Analysis by financial services advisory firm iBe shows that online marketplaces could be worth as much as $7 trillion in sales by 2024. Online marketplaces are ideal platforms for retailers to connect third-party sellers with customers and reap profits. Vendors, especially small businesses, get visibility for their products without setting up an ecommerce platform on their own or incurring heavy expenses. Automating processes eliminates the need for legacy systems along with related inefficiencies for all parties involved. Predictive analytics helps businesses assess their customers’ profile and behavior and understand their needs. Customers too benefit from online marketplaces, having access to great deals from a variety of vendors.

For example, a leading sports fashion retailer uses a connected eco-system of suppliers, contract manufacturers, wholesalers, distributors and retailers to improve performance across the supply chain. This holds benefits for all parties involved, improves customer service and boosts loyalty to the brand. Linking multiple roles across a cloud-based platform leads each partner to just do its work better.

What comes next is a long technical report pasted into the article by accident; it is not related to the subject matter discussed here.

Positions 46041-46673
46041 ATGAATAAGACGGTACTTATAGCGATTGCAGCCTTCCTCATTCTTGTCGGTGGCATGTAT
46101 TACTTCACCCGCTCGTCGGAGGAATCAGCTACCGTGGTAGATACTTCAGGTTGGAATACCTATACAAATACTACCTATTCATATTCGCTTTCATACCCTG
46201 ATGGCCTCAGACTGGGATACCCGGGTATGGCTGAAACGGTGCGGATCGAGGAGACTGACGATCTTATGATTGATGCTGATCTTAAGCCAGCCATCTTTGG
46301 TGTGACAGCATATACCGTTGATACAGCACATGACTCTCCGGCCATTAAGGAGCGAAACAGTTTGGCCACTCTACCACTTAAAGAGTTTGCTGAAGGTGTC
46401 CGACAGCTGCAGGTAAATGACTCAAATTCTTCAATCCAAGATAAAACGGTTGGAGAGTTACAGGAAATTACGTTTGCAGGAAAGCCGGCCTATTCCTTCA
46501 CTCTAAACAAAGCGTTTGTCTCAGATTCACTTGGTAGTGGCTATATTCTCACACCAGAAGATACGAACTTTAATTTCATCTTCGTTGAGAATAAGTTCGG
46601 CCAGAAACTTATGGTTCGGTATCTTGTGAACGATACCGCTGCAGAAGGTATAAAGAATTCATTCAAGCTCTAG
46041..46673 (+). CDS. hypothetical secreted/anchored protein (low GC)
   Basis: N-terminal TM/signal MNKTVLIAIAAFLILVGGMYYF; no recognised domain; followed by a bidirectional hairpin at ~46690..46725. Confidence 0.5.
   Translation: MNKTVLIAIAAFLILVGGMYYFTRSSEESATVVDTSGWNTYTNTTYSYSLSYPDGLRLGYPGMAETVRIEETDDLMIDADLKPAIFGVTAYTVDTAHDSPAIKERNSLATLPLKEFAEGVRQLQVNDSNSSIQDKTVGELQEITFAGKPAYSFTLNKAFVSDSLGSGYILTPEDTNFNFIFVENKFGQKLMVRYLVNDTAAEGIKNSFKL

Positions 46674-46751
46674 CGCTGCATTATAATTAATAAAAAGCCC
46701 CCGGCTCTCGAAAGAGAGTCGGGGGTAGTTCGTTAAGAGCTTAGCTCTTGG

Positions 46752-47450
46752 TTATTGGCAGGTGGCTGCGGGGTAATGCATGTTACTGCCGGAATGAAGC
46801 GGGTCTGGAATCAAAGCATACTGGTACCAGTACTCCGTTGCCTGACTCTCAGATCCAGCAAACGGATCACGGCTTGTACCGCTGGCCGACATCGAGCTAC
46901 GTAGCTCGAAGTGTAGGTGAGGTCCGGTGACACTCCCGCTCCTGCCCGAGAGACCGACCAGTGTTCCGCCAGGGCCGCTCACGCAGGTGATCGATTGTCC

Some retailers have created a ‘one inventory’ model. The capability to fulfill demand from anywhere reduces inventory holding and enables fast response to changes in demand. Promotions can now precisely target micro-markets and zip codes.

Data-driven and automated supply chains

Climate and geopolitical factors have disturbed supply chain operations globally. The issues caused include a lack of visibility regarding demand prediction, product availability, pricing strategy, transportation costs, delivery tracking, last mile optimization, asset visibility and utilization, and carbon footprint.

Organizations can leverage advancements in Data Science, AI, and IoT to solve issues related to supply chain. Access to the right data can help supply chains be agile, resilient, and responsive. It can help detect a problem early or even preempt it and take the necessary measures.